United States District Court, S.D. New York
THOMAS P. GRIESA, District Judge.
On October 3, 2013, the court imposed a sentence of 18 months prison in this case, and stated on the record that defendant would be given credit for time served.
Prior to the date of the sentence, defendant had been in home confinement for a year. He continued in home confinement until he actually surrendered to the prison on December 2, 2013. He is still in prison, but will be subjected to the steps taken by the Bureau of Prisons as the conclusion of the sentence draws near.
It is the policy of the Bureau of Prisons that home confinement will not be credited against a sentence as "time served." Thus, the Bureau of Prisons has not given defendant credit for his home confinement against the 18 month sentence.
The policy of the Bureau of Prisons follows the law in this Circuit. Time spent in official detention may be credited against a sentence as "time served." 18 U.S.C. § 3585(b). However, time spent under restrictive pre-sentence release conditions, even involving home confinement and electronic monitoring, is not official detention in the meaning of that statute. See United States v. Edwards, 960 F.2d 278, 282-83 (2d Cir. 1992) (overturned on other grounds by United States v. Wilson, 503 U.S. 329 (1992)).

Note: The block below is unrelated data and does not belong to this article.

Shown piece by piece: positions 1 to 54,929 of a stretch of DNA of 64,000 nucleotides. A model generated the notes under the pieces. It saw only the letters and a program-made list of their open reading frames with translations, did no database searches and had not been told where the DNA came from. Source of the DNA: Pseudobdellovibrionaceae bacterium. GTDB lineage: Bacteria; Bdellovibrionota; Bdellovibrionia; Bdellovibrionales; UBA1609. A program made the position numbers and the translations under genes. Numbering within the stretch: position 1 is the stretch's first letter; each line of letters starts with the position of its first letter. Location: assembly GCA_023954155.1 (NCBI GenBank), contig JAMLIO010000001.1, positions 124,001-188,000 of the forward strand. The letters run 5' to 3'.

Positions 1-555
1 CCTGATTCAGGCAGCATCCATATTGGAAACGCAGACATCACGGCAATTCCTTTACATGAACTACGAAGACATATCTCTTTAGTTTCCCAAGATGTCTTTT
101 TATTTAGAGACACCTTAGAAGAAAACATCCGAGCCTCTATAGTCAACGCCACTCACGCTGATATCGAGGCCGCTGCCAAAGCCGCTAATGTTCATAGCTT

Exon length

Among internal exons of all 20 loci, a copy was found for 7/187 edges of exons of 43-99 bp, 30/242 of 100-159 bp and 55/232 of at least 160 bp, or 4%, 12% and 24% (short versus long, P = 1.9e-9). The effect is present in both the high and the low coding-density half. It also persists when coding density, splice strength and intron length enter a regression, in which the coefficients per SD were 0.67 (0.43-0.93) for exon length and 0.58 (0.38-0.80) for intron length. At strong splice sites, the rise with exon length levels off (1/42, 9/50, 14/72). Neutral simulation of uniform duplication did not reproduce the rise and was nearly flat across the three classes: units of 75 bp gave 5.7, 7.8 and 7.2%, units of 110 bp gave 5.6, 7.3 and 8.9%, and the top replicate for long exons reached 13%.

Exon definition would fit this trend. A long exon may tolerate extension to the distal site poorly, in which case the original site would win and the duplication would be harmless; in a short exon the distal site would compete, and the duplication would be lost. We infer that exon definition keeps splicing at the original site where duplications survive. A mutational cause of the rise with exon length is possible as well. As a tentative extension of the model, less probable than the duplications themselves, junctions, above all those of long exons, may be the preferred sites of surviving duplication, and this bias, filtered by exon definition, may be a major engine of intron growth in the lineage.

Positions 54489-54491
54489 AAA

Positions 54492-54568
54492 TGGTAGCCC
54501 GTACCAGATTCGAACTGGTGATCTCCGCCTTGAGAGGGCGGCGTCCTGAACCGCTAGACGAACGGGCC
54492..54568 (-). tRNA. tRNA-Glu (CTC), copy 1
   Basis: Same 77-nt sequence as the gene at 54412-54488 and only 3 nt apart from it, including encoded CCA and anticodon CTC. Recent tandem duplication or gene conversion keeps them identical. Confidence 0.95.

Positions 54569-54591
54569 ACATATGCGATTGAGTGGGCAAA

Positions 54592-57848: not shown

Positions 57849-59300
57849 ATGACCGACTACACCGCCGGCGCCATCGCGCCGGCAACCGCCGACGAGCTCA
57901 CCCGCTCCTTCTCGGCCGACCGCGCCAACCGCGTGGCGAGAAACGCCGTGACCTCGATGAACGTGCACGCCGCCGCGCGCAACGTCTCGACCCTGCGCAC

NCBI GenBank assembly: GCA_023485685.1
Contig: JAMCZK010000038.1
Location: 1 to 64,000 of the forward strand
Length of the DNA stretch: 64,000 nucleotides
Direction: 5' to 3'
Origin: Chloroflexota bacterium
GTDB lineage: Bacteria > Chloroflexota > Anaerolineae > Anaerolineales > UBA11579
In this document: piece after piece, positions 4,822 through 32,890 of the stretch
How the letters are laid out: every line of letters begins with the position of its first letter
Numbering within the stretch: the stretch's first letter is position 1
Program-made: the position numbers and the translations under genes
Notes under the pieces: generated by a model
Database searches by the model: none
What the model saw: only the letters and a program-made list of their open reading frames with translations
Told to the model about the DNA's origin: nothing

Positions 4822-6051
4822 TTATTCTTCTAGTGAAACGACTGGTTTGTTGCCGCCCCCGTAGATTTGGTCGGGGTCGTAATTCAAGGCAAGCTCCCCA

The court has received a letter dated November 12, 2014 from an attorney for defendant's family, asking if the time on home confinement should be deducted from the 18 months of the sentence.
The court wishes to say now that it has no intention of dealing with the sentence in a way that contradicts Bureau of Prisons policy, which, as stated, does not give credit for home confinement against a sentence. The letter of November 12, 2014, does not really take any position to the contrary, but ...